Nonetheless, the concoction seems to be great as it got a lot of great reviews. I am in the process of trying it for the first time myself. It's pretty simple really. You mix equal parts dawn soap and warmed white vinegar, put it into a spray bottle and voila! I sprayed my master bathroom shower which is plagued with soap scum (I haaaaaate it)! No matter how much I scrub and clean, the marks don't go away! I hope this works. Will update tomorrow once I let it soak over night and scrub tomorrow.

To view the whole concoction go From the Heart's Blog titled DIY Soap Scum Killer.

You can find me on Pinterest too! Follow me here!

I'm a couple weeks late updating you on my experience using the Soap Scum Killer - sorry! It turns out, it worked pretty well.  But I can't say that it was a God send, like the 'pin' claims.  It did get out a good layer, or two, of soap scum, but mine must have had years worth of buildup - I think the previous owners of our house just neglected their bathroom glass doors.  However, I found that it did help get rid of a lot of the soap scum, but not entirely.  I think I'll have to repeat this cycle 3 or 4 times to get all the soap scum out. I'll update again after I've given it a few more tries!

*Picture from From the Heart's post!

Monday, April 8, 2013


When I die, I want to leave a good impression in this world.

I don't have to be popular.
I don't have to be rich or famous.

I just want to know I've contributed to society in some way.
That I've helped people.
That when I look back at my life, I remember how I touched even one persons life.
And hopefully many more; directly and indirectly.

Until then, I just want to live a long and happy life.
That's all I want.

Good night.


It’s been a little over a month since I’ve blogged.  My last entry on March 4th ended with an epiphany in which I realized I had become too engulfed in social media and stopped living.  Since then, I made some changes and as part of that, I refrained from blogging.  I just wanted to live. And so I did. 
Even though it’s only been a little over a month, soooooo much has happened in that time.
Since then, I left a job I had been at for almost a year at a State department and moved over to a State department more in line with my passions: helping people.  With a sociology background, and the stability of the State, I really wanted to get into a department more aligned with my passions.  I left the Department of Boating and Waterways (DBW) for the Department of Social Services (DSS) in the middle of March.  It was a big move.  I learned a lot at the DBW and also made some great friends.  But it was time for me to go.  With a merger in place at DBW with the Department of Parks and Recreation, I felt this was the best time to transition out.  Joining DSS meant working in a department closely related to my educational background: Sociology.  I was so incredibly excited! So far, it’s been going pretty smoothly.  A little slow to start, but good nonetheless.  I hate being the new girl, but it comes with the territory.  I’m finally starting to make ‘friends’ and get a more concrete feeling that I belong here.  I see myself being here awhile so it’s important to me that I build lasting relationships with staff here.  That being said, I feel working here will be a challenge and a definite learning experience.  I knew my direct supervisor and I would click and so far that is true to fact.  She is my age, her managing philosophies mirror what mine would be, and we have a lot in common. I foresee a friendship continuing to form.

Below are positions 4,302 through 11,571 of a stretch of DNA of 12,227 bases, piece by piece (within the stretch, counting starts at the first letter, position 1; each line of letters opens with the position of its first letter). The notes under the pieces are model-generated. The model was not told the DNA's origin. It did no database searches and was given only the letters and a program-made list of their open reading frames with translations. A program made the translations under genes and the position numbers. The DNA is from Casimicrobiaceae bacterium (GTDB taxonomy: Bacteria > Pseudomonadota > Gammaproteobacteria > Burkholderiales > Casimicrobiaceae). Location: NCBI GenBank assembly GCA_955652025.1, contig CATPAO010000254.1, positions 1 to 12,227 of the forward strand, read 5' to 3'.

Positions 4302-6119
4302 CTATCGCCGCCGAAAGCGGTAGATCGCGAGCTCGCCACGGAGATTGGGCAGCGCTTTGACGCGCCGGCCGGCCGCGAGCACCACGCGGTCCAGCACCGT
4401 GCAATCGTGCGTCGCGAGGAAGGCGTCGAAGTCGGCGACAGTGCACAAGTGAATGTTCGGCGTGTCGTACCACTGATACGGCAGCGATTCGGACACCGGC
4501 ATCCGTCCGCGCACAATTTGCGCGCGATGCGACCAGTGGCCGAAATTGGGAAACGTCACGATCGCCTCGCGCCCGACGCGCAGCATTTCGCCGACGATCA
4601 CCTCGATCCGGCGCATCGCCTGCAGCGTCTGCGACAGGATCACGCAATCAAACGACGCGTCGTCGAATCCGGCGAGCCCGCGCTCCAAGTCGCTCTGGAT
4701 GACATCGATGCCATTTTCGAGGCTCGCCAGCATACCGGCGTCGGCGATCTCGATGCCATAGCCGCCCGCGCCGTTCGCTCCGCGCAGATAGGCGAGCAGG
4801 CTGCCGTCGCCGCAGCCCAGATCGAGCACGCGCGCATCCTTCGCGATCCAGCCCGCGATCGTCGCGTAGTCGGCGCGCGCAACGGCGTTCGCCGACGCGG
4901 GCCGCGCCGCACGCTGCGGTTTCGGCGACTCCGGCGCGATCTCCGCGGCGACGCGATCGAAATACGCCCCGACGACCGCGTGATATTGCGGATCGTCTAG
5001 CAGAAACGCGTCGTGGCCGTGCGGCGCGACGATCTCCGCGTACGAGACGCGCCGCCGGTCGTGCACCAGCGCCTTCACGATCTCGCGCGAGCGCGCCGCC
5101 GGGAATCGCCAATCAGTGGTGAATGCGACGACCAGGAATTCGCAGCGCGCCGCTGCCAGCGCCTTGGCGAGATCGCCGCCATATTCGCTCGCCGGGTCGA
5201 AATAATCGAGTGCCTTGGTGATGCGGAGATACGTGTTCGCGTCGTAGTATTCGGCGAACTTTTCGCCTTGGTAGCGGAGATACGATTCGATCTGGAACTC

A new job isn’t the only change since I logged off on March 4th.  My parents have been traveling to the Middle East the past few weeks.  They finally return in a week’s time.  It’s insane how much I have missed them.  As we get older, the roles definitely reverse; this is common in my culture.  I can’t help but worry about my parents and want to check in.  They raised us for so long and protected us from the evil in the world and now that we are adults, it feels like our job to do the same for them.  With that, for me comes anxiety.  I have suffered with anxiety for some time now.  Yesterday, I felt a mini-panic attack approaching.  No one had heard from my parents in 5 days now.  Their sim card had expired so we had no way to call their cell phones until they purchased and installed a new sim card.  They were not responding to emails (or not checking their emails), they hadn’t uploaded new pictures on Facebook since before those 5 days; I was starting to worry.  Sunday morning, I felt a lot of anxiety coming on and so I put on my private eye hat and got to work.  Long story short, I tracked down my parents, with a lot of panic and tears in between, and was able to speak to my mom.  Their having fun, but she’s exhausted, has a cough/sore throat, and is ready to come home.  I think they over compensated and planned one too many events to check out.  I keep reminding my mother that she’s not the peppy 50 year-old anymore she once was; she’s 67.  Thankfully, they only have one week left. I can’t wait to see them!
My car accident case from when I was 5 months pregnant is finally coming to a close.  We had arbitration recently and a settlement was offered.  I still need to finalize the details with my attorney, but I am just happy this whole process is almost over! It has been a loooooong 2 years.
I’m also excited that we are getting to a position where we can work on things for our home.  I think some of our first big projects as we resume Project House to Home will be crown molding and staining the kitchen cabinets/bathroom cabinets.  I can’t wait! I’m also busy picking out pieces of furniture.  I know it will be a process but I’m excited J
These are only some of the changes I’ve been going through in just a month.  I’ve also been continuing to build a healthy lifestyle by eating lean, clean and green while also exercising and keeping up the workouts.  I’ve noticed some major changes in my body – my ass is amazing! ;) Hahaha!
Life with Elijah is as always, going amazingly! He brings me more joy then I could have ever imagined!